Scientists Built The World’s Fastest Water Heater
After about 70 femtoseconds (quadrillionths of a second) most water molecules have already split into hydrogen (white) and oxygen (red). Credit: Carl Caleman, DESY/Uppsala University
Using X-ray Free-Electron Lasers, scientists have opened up way in structural biology, enabling imaging of biomolecules and dynamics that were impossible to access with conventional methods. They shoot extremely intense and ultra-short flashes of X-rays at a jet of water.
Scientists used Linac Coherent Light Source LCL to heat water from room temperature to 100,000 degrees Celsius in less than a tenth of a picosecond. The setup is now known as world’s fastest water heater that produces an exotic state of water, from which researchers hope to learn more about the peculiar characteristics of Earth’s most important liquid.
Carl Caleman from the Center for Free-Electron Laser Science (CFEL) at DESY and Uppsala University (Sweden) said, “It is certainly not the usual way to boil your water. Normally, when you heat water, the molecules will just be shaken stronger and stronger.”
“Our heating is fundamentally different. The energetic X-rays punch electrons out of the water molecules, thereby destroying the balance of electric charges. So, suddenly the atoms feel a strong repulsive force and start to move violently.”
“In less than 75 femtoseconds, that’s 75 millionths of a billionth of a second or 0.000 000 000 000 075 seconds, the water goes through a phase transition from liquid to plasma. A plasma is a state of matter where the electrons have been removed from the atoms, leading to a sort of electrically charged gas.”
Co-author Olof Jönsson from Uppsala University said, “But while the water transforms from liquid to plasma, it still remains at the density of liquid water, as the atoms didn’t have time to move significantly yet. It has similar characteristics as some plasmas in the sun and the gas giant Jupiter but has a lower density. Meanwhile, it is hotter than Earth’s core.”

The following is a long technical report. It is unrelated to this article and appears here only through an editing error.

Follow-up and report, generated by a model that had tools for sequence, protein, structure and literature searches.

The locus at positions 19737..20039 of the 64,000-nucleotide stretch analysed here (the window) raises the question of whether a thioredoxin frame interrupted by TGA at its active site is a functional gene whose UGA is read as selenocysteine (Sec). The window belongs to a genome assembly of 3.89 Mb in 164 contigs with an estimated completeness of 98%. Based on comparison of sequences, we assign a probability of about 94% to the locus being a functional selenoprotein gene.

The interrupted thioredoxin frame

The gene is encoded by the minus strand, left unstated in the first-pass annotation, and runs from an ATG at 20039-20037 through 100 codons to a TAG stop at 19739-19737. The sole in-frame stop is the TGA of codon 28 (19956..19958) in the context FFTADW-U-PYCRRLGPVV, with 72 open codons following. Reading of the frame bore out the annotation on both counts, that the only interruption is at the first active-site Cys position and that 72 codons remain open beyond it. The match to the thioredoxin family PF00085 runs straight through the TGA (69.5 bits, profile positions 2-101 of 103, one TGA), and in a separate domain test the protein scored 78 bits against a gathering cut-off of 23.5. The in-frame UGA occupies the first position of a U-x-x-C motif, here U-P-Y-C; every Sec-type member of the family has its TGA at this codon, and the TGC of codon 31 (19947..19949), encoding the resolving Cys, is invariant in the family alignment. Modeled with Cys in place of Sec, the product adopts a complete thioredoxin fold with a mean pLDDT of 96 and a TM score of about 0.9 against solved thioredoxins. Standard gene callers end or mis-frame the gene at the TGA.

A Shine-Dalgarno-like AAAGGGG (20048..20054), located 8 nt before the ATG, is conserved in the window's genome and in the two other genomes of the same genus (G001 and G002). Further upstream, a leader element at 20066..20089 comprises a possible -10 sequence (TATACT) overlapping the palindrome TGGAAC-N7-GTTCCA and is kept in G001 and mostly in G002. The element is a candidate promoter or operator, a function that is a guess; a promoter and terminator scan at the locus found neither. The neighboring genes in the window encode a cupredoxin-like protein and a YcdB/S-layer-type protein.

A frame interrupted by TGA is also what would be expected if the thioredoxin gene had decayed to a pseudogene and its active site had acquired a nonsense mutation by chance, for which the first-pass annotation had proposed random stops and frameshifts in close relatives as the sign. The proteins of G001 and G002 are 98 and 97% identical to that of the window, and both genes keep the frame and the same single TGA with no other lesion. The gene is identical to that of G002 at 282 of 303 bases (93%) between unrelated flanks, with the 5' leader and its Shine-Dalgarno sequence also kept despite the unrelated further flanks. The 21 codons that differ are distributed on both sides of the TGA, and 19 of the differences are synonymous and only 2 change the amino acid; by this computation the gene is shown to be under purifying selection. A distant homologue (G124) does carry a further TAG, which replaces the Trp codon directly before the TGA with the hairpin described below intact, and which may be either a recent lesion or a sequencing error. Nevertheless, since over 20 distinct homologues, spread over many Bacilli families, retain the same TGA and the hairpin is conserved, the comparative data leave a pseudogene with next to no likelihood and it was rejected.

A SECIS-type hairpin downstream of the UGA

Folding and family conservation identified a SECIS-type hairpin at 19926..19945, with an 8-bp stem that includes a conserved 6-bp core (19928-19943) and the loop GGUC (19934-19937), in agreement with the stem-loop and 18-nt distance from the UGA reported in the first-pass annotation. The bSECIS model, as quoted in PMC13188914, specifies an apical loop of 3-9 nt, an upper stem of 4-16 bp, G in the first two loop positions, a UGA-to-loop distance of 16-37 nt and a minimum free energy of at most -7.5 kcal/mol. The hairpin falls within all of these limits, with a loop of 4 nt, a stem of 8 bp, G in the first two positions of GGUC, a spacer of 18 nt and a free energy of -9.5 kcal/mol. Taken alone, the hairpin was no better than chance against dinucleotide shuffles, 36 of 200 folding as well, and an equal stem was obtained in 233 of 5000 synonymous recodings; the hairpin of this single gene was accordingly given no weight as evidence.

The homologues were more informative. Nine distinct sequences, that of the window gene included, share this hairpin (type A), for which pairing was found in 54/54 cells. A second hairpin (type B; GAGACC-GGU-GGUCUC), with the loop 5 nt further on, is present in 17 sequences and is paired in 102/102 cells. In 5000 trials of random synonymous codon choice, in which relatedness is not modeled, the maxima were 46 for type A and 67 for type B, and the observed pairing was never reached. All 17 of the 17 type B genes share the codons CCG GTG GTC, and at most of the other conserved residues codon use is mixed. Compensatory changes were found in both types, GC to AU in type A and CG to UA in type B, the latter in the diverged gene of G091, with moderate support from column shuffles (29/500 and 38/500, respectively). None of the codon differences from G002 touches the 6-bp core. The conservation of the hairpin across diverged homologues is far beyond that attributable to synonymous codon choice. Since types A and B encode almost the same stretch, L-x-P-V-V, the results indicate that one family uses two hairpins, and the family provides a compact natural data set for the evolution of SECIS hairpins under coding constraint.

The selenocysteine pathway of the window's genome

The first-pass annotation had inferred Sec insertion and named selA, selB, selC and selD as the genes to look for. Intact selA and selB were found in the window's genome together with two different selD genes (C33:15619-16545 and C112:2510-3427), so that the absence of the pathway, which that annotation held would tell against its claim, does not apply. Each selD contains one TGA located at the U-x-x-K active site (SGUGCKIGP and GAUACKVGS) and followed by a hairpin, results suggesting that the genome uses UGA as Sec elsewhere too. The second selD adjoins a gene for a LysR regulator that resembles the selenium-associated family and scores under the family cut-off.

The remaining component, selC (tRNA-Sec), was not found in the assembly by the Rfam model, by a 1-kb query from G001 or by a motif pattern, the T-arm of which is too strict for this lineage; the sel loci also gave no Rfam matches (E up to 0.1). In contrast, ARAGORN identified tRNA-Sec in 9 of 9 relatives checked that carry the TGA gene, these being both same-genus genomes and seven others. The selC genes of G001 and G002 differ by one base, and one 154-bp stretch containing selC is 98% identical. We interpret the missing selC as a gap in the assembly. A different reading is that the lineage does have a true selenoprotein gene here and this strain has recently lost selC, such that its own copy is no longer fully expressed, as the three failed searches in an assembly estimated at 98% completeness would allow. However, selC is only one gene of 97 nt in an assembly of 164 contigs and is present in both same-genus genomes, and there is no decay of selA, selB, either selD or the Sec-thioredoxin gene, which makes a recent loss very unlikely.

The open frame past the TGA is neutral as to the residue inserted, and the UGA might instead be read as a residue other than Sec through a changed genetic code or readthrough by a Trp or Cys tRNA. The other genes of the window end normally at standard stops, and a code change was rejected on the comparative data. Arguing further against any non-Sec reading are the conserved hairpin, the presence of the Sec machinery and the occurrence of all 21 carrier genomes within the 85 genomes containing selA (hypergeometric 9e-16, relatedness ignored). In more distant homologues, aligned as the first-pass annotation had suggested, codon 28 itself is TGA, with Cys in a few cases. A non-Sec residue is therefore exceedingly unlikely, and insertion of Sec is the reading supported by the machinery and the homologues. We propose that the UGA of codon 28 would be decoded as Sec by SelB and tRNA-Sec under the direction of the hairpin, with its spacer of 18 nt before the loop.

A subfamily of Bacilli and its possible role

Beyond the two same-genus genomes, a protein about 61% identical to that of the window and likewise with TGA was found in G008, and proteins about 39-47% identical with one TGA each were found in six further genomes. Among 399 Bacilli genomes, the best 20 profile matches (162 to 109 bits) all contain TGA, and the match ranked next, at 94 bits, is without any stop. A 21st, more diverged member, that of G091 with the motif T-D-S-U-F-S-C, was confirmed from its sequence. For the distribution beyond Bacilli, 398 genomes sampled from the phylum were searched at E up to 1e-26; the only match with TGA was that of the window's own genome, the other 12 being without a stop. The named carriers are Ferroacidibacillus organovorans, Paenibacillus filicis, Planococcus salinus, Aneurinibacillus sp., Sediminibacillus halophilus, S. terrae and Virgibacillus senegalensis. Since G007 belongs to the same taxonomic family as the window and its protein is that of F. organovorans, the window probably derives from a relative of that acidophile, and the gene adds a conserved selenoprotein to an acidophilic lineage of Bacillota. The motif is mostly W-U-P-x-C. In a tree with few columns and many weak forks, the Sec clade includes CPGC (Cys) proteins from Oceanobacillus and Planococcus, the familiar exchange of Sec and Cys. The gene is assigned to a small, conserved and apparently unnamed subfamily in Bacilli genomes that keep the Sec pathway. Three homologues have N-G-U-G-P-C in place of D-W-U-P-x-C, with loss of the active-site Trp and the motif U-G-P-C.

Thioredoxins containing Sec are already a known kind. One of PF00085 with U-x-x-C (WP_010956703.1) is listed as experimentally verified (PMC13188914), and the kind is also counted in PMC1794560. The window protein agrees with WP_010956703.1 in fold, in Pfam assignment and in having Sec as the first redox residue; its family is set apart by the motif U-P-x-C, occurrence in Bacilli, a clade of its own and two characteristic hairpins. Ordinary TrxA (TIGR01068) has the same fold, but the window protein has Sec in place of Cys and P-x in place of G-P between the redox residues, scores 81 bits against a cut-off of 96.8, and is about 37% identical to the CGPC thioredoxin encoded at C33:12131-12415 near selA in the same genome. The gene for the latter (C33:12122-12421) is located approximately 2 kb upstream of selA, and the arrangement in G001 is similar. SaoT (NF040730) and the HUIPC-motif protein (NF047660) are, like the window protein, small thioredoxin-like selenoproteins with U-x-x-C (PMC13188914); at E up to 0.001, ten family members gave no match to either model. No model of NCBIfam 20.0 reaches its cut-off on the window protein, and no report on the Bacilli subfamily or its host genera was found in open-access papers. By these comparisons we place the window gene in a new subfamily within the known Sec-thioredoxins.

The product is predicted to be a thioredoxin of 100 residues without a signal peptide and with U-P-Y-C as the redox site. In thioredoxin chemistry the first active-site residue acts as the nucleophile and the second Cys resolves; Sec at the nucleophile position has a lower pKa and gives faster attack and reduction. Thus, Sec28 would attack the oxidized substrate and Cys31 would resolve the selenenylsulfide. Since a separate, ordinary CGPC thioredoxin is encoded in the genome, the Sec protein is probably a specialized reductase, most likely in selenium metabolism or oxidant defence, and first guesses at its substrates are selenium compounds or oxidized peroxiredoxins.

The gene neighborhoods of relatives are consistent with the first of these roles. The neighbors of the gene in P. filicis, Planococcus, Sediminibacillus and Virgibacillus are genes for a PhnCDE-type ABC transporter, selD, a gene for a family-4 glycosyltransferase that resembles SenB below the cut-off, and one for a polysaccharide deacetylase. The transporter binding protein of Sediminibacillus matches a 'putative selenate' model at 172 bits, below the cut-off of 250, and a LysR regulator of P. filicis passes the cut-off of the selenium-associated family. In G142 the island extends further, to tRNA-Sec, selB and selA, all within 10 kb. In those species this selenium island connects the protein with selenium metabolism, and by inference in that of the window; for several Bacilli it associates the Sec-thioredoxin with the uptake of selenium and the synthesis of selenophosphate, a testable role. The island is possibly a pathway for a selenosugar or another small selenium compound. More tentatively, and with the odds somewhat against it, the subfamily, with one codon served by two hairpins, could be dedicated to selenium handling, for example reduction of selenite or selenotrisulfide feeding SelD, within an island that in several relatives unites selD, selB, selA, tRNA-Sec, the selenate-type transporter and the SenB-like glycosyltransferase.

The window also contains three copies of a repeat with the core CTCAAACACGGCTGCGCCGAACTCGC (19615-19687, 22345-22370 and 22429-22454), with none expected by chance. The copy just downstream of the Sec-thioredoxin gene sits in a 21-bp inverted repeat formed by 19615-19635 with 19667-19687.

Scientists used their estimations to approve reenactments of the procedure. Together, the estimations and reenactments enable them to examine this outlandish condition of water with a specific end goal to take in more about water’s general properties. The measurements show almost no structural changes in the water up to 25 femtoseconds after the X-ray pulse starts to hit it. But at 75 femtoseconds, changes are already evident.
Jönsson emphasized said, “Water really is an odd liquid, and if it weren’t for its peculiar characteristics, many things on Earth wouldn’t be as they are, particularly life.”
Kenneth Beyerlein from CFEL said, “It is important for any experiment involving liquids at X-ray lasers. In fact, any sample that you put into the X-ray beam will be destroyed in the way that we observed. If you analyze anything that is not a crystal, you have to consider this.”
Co-author Nicusor Timneanu from Uppsala University, said, “The study gives us a better understanding of what we do to different samples. “Its observations are also important to consider for the development of techniques to image single molecules or other tiny particles with X-ray lasers.”
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